'
    lLen = DefWindowProcW(ctrl.hWnd, WM_GETTEXTLENGTH, 0&, ByVal 0&) ' Get length of caption.
    If lLen Then ' Must have length.
        lPtr = SysAllocStringLen(0&, lLen) ' Create a BSTR of that length.
        PutMem4 ByVal VarPtr(UniCaption), ByVal lPtr ' Make the property return the BSTR.
        DefWindowProcW ctrl.hWnd, WM_GETTEXT, lLen + 1&, ByVal lPtr ' Call the default Unicode window procedure to fill the BSTR.
    End If
End Property

Public Property Let UniClipboard(sUniText As String)
    ' Puts a VB string in the clipboard without converting it to ASCII.
    Dim iStrPtr As Long
    Dim iLen As Long
    Dim iLock As Long
    Const GMEM_MOVEABLE As Long = &H2
    Const GMEM_ZEROINIT As Long = &H40
    Const CF_UNICODETEXT As Long = &HD
    '
    OpenClipboard 0&
    EmptyClipboard
    iLen = LenB(sUniText) + 2&
    iStrPtr = GlobalAlloc(GMEM_MOVEABLE Or GMEM_ZEROINIT, iLen)
    iLock = GlobalLock(iStrPtr)
    lstrcpy iLock, StrPtr(sUniText)
    GlobalUnlock iStrPtr
    SetClipboardData CF_UNICODETEXT, iStrPtr
    CloseClipboard
End Property

Public Property Get UniClipboard() As String
    ' Gets a UNICODE string from the clipboard and puts it in a standard VB string (which is UNICODE).
    Dim iStrPtr As Long
    Dim iLen As Long
    Dim iLock As Long
    Dim sUniText As String
    Const CF_UNICODETEXT As Long = 13&
    '
    OpenClipboard 0&
    If IsClipboardFormatAvailable(CF_UNICODETEXT) Then
        iStrPtr = GetClipboardData(CF_UNICODETEXT)
        If iStrPtr Then
            iLock = GlobalLock(iStrPtr)
            iLen = GlobalSize(iStrPtr)
            sUniText = String$(iLen \ 2& - 1&, vbNullChar)
            lstrcpy StrPtr(sUniText), iLock
            GlobalUnlock iStrPtr
        End If
        UniClipboard = sUniText
    End If
    CloseClipboard
End Property

Public Sub SetupRichTextboxForUnicode(rtb As RichTextBox)
    ' Call this so that the rtb doesn't try to do any RTF interpretation.  We will just be using it for Unicode display.
    ' Once this is called, the following two procedures will work with the rtb.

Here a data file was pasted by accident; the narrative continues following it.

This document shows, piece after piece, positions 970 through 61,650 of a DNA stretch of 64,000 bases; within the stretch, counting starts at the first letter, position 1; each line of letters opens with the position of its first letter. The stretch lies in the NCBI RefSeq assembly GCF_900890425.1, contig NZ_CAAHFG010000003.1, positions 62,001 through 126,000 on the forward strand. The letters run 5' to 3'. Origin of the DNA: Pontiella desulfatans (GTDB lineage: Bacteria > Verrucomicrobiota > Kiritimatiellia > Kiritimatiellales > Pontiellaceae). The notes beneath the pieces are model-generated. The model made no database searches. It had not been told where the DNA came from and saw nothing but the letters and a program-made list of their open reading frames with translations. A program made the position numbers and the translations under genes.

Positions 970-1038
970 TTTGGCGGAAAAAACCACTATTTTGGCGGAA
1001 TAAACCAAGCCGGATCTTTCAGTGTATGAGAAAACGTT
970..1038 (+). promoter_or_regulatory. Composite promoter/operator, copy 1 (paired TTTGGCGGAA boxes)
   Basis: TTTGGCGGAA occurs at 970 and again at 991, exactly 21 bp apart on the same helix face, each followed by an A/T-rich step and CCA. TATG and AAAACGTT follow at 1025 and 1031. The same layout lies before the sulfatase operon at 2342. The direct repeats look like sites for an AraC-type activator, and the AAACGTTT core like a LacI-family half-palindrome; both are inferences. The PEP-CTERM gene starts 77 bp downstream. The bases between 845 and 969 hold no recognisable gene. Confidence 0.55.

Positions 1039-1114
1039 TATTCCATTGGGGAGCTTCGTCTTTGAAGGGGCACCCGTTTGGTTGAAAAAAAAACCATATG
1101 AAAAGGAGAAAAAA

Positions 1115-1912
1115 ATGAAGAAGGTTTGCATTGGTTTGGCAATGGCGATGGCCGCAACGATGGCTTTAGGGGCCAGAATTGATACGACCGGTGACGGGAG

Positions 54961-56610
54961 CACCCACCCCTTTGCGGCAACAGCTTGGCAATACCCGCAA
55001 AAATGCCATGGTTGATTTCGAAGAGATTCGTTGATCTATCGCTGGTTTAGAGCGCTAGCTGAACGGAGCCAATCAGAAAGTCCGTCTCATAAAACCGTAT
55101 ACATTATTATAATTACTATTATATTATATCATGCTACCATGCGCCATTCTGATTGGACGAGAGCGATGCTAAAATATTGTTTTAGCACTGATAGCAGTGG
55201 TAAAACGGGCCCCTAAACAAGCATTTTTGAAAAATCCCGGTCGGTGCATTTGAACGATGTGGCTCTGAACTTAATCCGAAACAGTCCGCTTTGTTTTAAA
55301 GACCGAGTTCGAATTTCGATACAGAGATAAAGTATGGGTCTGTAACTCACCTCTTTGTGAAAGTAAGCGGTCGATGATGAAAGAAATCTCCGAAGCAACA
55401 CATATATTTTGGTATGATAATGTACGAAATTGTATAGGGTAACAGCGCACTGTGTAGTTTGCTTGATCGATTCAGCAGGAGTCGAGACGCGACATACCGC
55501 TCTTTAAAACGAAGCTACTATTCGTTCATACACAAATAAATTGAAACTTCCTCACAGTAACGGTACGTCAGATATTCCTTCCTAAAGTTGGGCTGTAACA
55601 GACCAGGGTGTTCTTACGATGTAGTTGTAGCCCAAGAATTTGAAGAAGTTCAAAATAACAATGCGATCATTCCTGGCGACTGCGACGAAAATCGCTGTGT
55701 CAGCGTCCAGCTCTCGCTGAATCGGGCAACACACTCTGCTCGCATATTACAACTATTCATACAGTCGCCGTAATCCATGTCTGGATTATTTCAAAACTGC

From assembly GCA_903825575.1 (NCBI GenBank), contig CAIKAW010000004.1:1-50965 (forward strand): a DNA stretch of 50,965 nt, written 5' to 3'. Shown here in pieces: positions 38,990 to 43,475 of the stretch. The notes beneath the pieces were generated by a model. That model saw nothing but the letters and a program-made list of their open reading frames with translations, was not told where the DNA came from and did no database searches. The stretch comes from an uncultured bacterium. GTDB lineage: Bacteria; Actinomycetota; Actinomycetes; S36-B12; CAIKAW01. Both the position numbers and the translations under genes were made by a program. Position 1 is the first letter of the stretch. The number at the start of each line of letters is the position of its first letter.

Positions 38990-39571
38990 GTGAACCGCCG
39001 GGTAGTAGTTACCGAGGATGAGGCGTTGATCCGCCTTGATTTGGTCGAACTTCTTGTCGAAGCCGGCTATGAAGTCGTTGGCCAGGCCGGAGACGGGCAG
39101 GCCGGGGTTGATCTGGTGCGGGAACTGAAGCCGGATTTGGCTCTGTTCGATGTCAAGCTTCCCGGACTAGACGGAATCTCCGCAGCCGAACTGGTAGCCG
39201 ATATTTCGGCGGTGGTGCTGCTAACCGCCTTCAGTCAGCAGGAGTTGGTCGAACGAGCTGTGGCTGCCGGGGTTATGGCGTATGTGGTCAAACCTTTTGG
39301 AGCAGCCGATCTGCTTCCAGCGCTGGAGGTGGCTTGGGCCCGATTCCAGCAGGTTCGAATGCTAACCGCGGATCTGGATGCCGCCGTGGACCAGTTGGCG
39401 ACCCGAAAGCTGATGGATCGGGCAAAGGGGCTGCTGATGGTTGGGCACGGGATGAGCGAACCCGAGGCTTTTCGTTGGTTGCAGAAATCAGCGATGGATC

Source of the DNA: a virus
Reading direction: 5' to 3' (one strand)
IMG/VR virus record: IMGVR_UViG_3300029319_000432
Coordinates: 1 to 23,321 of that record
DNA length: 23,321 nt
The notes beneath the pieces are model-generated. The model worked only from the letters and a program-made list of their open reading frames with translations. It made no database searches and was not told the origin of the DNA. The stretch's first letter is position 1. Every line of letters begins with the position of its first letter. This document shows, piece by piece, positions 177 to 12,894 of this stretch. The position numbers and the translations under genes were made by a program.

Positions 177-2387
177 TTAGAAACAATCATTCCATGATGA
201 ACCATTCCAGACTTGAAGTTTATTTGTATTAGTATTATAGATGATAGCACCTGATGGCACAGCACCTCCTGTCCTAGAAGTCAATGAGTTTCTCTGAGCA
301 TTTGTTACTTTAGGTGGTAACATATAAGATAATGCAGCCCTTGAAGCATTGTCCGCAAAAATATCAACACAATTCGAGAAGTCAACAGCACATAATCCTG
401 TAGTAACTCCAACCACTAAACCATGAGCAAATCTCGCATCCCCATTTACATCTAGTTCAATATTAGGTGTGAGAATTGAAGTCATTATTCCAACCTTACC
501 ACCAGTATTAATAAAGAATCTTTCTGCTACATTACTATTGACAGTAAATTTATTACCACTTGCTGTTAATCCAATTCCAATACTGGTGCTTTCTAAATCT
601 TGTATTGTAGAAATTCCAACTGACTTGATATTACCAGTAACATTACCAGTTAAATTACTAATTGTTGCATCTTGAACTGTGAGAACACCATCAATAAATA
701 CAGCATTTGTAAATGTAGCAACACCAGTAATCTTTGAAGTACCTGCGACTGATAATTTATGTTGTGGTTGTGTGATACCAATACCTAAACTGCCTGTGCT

Const TM_PLAINTEXT As Long = 1&
    Const EM_SETTEXTMODE As Long = &H459
    SendMessage rtb.hWnd, EM_SETTEXTMODE, TM_PLAINTEXT, 0& ' Set the control to use "plain text" mode so RTF isn't interpreted.
End Sub

Public Property Let RichTextboxUniText(rtb As RichTextBox, sUniText As String)
    ' Usage: Just assign any VB6 string to the rtb.
    '        If the string contains Unicode (which VB6 strings are capable of), it will be correctly handled.
    Dim stUnicode As SETTEXTEX
    Const EM_SETTEXTEX As Long = &H461
    Const RTBC_DEFAULT As Long = 0&
    Const CP_UNICODE As Long = 1200&
    '
    stUnicode.flags = RTBC_DEFAULT ' This could be otherwise.
    stUnicode.codepage = CP_UNICODE
    SendMessageWLng rtb.hWnd, EM_SETTEXTEX, VarPtr(stUnicode), StrPtr(sUniText)
End Property

Public Property Get RichTextboxUniText(rtb As RichTextBox) As String
    Dim uGTL As GETTEXTLENGTHEX
    Dim uGT As GETTEXTEX
    Dim iChars As Long
    Const EM_GETTEXTEX As Long = &H45E
    Const EM_GETTEXTLENGTHEX As Long = &H45F
    Const CP_UNICODE As Long = 1200&
    Const GTL_USECRLF As Long = 1&
    Const GTL_PRECISE As Long = 2&
    Const GTL_NUMCHARS As Long = 8&
    Const GT_USECRLF As Long = 1&
    '
    uGTL.flags = GTL_USECRLF Or GTL_PRECISE Or GTL_NUMCHARS
    uGTL.codepage = CP_UNICODE
    iChars = SendMessageWLng(rtb.hWnd, EM_GETTEXTLENGTHEX, VarPtr(uGTL), 0&)
    '
    uGT.cb = (iChars + 1) * 2